Later that afternoon, we hit up one more kid-friendly brewery, Urban South, that had loads of games and blocks for young ones to play with, in addition to food trucks that had something to please everyone for dinner. We preferred this brewery to NOLA for all of the activities to do while you sip.
Other Family-Friendly Activities We Missed
There were so many things we wish we could have done, but we were pretty limited by our young children's nap schedules and tolerance for sightseeing! Below are some activities we have yet to check off our list 📝:
City Park - a 1,300-park founded in 1852, complete with Storyland Amusement Park, the largest oak tree grove in the nation, botanical gardens with flora, a mini train center and sculpture art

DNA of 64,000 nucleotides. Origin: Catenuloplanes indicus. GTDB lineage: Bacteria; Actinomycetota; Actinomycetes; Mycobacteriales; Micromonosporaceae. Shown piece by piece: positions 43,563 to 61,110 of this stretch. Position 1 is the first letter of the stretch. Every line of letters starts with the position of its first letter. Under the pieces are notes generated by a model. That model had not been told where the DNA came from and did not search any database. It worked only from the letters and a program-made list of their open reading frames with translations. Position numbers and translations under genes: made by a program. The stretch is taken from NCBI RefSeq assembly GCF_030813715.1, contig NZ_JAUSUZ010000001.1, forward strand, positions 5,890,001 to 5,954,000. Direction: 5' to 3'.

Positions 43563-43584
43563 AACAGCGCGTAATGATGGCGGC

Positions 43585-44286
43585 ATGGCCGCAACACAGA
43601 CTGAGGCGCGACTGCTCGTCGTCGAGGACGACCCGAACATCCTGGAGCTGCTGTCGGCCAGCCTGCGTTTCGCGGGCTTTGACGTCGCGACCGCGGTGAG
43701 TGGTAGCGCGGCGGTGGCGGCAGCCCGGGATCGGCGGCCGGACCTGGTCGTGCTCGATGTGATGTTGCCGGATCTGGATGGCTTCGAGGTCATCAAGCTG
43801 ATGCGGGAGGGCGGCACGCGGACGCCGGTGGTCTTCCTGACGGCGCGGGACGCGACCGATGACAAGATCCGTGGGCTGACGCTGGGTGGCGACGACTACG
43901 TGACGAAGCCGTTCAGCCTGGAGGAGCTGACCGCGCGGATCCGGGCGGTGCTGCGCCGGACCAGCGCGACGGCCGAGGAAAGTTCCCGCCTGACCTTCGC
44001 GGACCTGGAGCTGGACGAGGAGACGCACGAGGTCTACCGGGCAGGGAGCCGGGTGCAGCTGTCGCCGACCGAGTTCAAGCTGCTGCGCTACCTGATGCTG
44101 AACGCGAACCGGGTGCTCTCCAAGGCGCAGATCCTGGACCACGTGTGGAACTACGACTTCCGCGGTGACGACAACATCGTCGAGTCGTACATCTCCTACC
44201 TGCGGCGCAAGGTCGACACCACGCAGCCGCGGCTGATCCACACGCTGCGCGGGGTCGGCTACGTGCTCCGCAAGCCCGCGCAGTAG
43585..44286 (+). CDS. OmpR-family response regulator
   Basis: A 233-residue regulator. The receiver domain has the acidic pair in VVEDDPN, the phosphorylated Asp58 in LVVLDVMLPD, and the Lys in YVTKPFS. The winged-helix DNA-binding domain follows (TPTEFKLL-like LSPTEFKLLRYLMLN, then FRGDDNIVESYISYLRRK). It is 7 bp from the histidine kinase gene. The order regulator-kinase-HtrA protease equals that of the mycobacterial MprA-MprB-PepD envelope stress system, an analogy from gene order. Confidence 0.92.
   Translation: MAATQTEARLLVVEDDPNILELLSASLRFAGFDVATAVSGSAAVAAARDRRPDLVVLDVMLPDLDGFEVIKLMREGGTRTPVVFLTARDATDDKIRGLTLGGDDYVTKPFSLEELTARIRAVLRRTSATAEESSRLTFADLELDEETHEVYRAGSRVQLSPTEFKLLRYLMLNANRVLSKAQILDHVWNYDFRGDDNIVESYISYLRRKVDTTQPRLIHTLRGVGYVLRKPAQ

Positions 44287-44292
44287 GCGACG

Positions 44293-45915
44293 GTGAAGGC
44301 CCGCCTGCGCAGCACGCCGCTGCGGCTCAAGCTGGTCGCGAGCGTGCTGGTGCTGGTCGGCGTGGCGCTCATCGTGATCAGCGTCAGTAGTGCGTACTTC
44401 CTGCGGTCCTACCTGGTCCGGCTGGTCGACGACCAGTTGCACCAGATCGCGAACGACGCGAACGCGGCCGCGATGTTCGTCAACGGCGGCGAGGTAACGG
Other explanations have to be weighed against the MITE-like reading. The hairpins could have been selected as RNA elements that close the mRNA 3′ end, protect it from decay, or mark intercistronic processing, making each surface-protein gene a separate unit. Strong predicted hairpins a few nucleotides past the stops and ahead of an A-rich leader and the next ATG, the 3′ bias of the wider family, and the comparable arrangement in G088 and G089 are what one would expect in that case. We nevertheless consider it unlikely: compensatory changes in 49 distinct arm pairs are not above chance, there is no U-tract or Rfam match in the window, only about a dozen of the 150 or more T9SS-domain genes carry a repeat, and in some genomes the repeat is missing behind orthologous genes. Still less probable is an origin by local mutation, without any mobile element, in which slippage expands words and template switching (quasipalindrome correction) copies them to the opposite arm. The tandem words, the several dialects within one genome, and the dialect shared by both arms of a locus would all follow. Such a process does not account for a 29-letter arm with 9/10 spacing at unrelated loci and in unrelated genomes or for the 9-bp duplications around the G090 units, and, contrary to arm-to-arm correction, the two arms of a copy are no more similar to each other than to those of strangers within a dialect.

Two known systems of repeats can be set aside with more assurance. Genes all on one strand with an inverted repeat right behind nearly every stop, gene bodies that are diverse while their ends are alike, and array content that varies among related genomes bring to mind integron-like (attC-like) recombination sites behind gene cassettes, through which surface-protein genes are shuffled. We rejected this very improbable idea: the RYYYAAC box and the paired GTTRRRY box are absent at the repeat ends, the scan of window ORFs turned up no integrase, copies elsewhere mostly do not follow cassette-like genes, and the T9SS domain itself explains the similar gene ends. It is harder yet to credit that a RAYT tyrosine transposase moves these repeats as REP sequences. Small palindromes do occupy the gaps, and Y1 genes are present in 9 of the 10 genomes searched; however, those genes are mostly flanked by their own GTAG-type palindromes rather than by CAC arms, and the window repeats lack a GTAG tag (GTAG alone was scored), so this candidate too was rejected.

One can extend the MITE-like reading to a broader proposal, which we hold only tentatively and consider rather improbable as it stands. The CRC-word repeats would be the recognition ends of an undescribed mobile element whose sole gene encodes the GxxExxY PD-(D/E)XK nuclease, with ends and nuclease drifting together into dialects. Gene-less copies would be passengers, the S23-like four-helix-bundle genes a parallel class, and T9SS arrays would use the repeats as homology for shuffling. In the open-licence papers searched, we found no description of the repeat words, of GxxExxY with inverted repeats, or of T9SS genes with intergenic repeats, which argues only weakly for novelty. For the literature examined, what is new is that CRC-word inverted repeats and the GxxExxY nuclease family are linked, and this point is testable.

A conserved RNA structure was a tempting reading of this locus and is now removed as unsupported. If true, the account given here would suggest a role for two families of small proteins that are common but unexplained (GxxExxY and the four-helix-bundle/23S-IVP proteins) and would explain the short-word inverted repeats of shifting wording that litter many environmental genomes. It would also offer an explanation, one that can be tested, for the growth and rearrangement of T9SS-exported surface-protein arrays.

Ride the StreetCars to Uptown - a good friend and former NOLA chef, Keith Mallini, recommended eating at Camellia Grill diner, which looks FANTASTIC!
Visiting the Mardi Gras World museum to learn about the event and see the annual parade floats being built throughout the year in preparation for the next year
Hiking in the wetlands! One great park less than 30 minutes south of NOLA is Jean Lafitte National Historical Park and Preserve